Well this gave awful ground handling and everybody hated it, uh, until somebody, and it won’t surprise you to know it was Ralph Hooper came up with the perfect solution and it was called the self shortening leg. In other words, the main leg worked like the leg on anybody else’s undercarriage and absorbed the energy, but it had no rebound. So the airplane sat dead flat and it’s ground handling was perfection. Now in the stories that I’m going through, we can’t do it all simply chronologically because there were lots of activities that went on in parallel. So I need to actually talk about that. One of those.
When XP831 was made, it was the first of six prototypes. Hawker’s made one every few months. And as they learn from flying the early ones, each new one was slightly different. And they took the aerodynamic shape of the last one, the sixth one, and put it into service with a nine aircraft squadron. It was in under the name Kestrel. Now this squadron was a tripartite squadron. It wasn’t a military squadron in the sense that it had guns and bombs and all the rest of it and rockets. It was, it was a military squardon to look at this jump jet stuff, this vertical and short take off and landing, this operating site flexibility, the places you can fly this funny thing from a supermarket car-park whatever. So the ministry, in order to look at this, and we have in the audience afternoon, Sir Donald Spears, who was the chief scientist associated with this Kestrel evaluation squadron.
And that brief was to see whether ordinary service pilots, well experienced service pilots, not, not first tourists, could take advantage of this vector thrusting. And the unit was made up of officers from the Royal Air Force, the commanding officer, David Scrimgeour was a RAF officer. There was a German and other English people and an American, so it was tripartite. It was an extremely successful exercise in that it did demonstrate the potential for military operations with the jump jet, using Hawker’s principle of vectored thrust. That was going on in parallel with some of the stuff we’ve been talking about before. Now let’s go look ahead to 68. That Kestrel squadron was 1966.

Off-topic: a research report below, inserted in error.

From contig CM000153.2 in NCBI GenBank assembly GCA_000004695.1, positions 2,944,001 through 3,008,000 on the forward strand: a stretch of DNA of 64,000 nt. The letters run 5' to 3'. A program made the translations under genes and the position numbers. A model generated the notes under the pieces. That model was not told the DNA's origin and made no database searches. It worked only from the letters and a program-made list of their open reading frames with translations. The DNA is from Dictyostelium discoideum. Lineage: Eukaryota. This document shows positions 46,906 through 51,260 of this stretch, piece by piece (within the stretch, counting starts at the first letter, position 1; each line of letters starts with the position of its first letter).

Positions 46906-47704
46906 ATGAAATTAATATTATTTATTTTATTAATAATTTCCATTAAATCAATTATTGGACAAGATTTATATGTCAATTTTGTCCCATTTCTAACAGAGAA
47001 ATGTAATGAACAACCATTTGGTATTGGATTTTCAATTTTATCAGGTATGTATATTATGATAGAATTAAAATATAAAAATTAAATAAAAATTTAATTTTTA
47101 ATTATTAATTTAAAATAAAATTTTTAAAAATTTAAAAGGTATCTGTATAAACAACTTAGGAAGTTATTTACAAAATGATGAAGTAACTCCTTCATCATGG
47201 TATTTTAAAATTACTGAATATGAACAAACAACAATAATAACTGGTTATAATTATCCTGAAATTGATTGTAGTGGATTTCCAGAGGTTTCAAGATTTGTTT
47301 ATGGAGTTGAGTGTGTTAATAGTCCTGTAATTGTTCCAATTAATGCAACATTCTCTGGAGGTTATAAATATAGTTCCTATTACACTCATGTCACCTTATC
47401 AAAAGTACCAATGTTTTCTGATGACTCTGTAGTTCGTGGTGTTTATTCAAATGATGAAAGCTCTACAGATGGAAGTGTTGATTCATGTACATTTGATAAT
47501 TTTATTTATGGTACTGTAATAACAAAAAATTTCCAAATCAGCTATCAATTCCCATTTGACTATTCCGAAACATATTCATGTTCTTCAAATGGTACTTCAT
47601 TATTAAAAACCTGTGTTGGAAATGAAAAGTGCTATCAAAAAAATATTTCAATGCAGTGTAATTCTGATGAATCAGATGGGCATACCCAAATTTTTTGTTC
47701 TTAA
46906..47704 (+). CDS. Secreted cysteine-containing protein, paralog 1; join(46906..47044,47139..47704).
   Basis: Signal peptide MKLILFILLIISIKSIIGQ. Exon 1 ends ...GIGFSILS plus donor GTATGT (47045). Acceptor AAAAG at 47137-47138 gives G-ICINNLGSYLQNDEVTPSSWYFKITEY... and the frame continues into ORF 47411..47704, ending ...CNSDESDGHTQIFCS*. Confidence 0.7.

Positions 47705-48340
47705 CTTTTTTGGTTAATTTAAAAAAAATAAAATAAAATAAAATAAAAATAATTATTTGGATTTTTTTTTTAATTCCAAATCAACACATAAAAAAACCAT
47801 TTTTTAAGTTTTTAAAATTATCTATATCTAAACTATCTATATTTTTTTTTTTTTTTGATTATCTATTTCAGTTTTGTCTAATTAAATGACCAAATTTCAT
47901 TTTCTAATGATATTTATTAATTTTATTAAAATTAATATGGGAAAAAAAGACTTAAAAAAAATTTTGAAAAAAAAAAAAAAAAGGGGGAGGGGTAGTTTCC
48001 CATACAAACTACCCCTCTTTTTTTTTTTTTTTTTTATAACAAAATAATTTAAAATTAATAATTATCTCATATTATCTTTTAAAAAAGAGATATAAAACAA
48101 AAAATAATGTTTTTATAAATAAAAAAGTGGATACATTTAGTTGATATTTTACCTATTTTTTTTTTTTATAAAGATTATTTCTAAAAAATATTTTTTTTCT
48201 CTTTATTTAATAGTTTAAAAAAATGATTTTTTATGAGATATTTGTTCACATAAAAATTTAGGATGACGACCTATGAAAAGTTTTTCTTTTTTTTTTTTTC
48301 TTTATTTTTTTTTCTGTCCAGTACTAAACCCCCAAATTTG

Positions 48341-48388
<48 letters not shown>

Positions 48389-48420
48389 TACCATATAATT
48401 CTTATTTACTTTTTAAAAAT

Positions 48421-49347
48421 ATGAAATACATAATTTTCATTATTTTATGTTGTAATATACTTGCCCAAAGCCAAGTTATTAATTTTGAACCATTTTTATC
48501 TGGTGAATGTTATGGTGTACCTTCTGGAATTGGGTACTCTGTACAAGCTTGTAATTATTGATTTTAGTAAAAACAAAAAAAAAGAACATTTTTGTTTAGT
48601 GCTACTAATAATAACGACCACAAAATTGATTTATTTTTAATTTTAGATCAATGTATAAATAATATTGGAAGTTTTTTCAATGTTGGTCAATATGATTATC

In 1968 at the Farnborough Airshow the United States Marine Corps came along in the form of Colonel Tom Miller and Lieutenant Colonel Bob Baker. These were forward thinking, Marine pilots who were in staff jobs in the Pentagon. They had heard about the tripartite squadron. They’d heard about what Hawker was doing with what became the Harrier. So they came along, knocked on the PR officers door and said, Hey, we want to fly your airplane. And now this airplane had not yet been cleared for Royal Air Force service. It hadn’t got a control of aircraft’s release. It was still in the middle of the development program. We hadn’t got any two seaters, we haven’t got any simulators. So for them to come along and just say, “Oh, I’m flying your airplane”, they would have to fly one of our development instrumented airplanes. Very, very treasured devices. And how were we going to convert them safely? And you know, I think, I think it was Thursday they came and by Friday I was asked to go along to Farnborough and talk to these guys.